Hackers have enjoyed a mixed reputation over the last thirty years, romanticised and demonised in equal measure. Variously portrayed as weird, anti-social nerds or the revolutionaries of the digital age (and sometimes both), their exploits have often ended with threats of imprisonment, as shown this week in the release of Hector "Sabu" Xavier Monsegur, a LulzSec hacker turned informant for the FBI.
With hacking now a regular feature of the news cycle it's worth looking back on some of the pioneers. Whether you admire or admonish them, some of the heists pulled off by the hackers are impressive, showing what a few men (and it is mostly men) armed with keyboards can do to multinational organisations and some of the world's strongest governments.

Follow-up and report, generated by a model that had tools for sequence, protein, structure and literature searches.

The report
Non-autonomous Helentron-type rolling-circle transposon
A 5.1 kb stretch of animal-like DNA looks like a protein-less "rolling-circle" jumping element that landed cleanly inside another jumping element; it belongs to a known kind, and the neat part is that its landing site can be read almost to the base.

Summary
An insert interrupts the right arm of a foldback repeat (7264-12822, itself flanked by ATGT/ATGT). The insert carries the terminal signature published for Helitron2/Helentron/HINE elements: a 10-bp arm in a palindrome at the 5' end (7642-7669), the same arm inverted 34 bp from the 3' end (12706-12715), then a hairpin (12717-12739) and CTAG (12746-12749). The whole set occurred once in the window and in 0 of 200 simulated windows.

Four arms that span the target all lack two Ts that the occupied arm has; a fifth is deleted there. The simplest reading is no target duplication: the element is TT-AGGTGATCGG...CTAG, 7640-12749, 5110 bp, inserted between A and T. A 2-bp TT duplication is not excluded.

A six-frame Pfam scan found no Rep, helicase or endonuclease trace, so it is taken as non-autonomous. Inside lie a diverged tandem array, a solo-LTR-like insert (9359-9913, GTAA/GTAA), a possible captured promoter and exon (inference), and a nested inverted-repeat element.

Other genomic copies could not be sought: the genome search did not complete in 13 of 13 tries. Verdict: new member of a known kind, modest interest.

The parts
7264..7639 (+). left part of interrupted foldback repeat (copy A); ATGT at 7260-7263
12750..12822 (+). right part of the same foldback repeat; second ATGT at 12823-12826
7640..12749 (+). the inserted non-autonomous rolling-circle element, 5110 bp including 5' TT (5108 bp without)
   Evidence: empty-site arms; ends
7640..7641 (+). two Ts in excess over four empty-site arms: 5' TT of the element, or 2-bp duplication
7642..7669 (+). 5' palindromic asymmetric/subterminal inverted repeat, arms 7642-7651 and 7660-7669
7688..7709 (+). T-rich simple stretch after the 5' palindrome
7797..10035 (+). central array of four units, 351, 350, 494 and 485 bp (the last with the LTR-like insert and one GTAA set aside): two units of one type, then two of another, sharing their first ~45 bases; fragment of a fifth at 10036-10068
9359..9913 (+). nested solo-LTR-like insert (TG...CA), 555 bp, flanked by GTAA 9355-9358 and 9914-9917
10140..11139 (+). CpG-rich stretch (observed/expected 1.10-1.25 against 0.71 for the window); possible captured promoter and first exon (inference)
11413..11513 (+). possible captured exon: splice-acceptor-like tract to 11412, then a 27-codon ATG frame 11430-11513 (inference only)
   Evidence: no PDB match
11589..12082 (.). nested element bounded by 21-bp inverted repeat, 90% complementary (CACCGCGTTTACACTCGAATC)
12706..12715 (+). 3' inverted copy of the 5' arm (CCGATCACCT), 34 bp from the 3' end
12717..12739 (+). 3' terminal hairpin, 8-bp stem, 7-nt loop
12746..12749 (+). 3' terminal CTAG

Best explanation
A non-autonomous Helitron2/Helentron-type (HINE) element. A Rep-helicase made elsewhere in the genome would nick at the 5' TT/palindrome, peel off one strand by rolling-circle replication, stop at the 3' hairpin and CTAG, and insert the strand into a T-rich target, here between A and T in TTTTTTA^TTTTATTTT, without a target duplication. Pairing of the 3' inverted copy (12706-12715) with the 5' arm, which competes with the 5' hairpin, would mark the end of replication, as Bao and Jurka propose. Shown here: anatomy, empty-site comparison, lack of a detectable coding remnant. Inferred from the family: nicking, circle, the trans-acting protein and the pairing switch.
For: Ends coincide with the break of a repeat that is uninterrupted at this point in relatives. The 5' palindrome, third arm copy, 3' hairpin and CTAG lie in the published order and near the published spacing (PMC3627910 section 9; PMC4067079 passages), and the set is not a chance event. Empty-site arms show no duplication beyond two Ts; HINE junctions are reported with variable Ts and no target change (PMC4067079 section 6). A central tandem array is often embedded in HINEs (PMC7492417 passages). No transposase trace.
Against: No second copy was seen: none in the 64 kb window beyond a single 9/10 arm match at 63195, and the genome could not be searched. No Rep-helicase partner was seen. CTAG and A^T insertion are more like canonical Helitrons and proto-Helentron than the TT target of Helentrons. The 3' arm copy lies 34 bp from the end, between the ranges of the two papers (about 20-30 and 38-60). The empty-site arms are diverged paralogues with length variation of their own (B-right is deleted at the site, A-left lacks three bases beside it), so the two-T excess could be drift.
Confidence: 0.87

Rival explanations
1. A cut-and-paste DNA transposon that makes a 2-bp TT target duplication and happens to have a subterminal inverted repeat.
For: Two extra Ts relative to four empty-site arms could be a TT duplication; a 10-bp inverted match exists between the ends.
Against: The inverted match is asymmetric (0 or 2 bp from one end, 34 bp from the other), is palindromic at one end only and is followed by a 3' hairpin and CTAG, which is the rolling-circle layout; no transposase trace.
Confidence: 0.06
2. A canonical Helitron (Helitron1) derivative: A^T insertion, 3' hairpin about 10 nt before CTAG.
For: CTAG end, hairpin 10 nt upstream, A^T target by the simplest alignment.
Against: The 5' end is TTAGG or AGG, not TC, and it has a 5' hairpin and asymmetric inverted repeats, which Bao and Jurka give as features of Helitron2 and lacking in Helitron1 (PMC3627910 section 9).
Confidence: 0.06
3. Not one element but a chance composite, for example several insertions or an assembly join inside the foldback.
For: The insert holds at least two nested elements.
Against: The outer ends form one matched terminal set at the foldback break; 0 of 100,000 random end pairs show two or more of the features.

Active: 1980s to 2000
Based: Texas, US
Also known as Legion of Hackers, LOD was founded by a man going by the name Lex Luther, and in addition to hacking produced tech journals on the subject, some of which are still available online. The group was chaotic and dysfunctional, sharing members with Masters of Deception with whom they would later conduct the Great Hacker War, but during the 90s it was legendary in the underground scene of hackers.
Most prominent among these was hacker Mark "Phiber Optik" Abene, a brash New Yorker who would later be expelled from the group after a quarrel with Chris "Erik Bloodaxe" Goggans, following a feud between the pair. LOD members would later go on to form Comsec Data Security, a professional firm that hired its services out to the sort of companies the hacking underground used to target.
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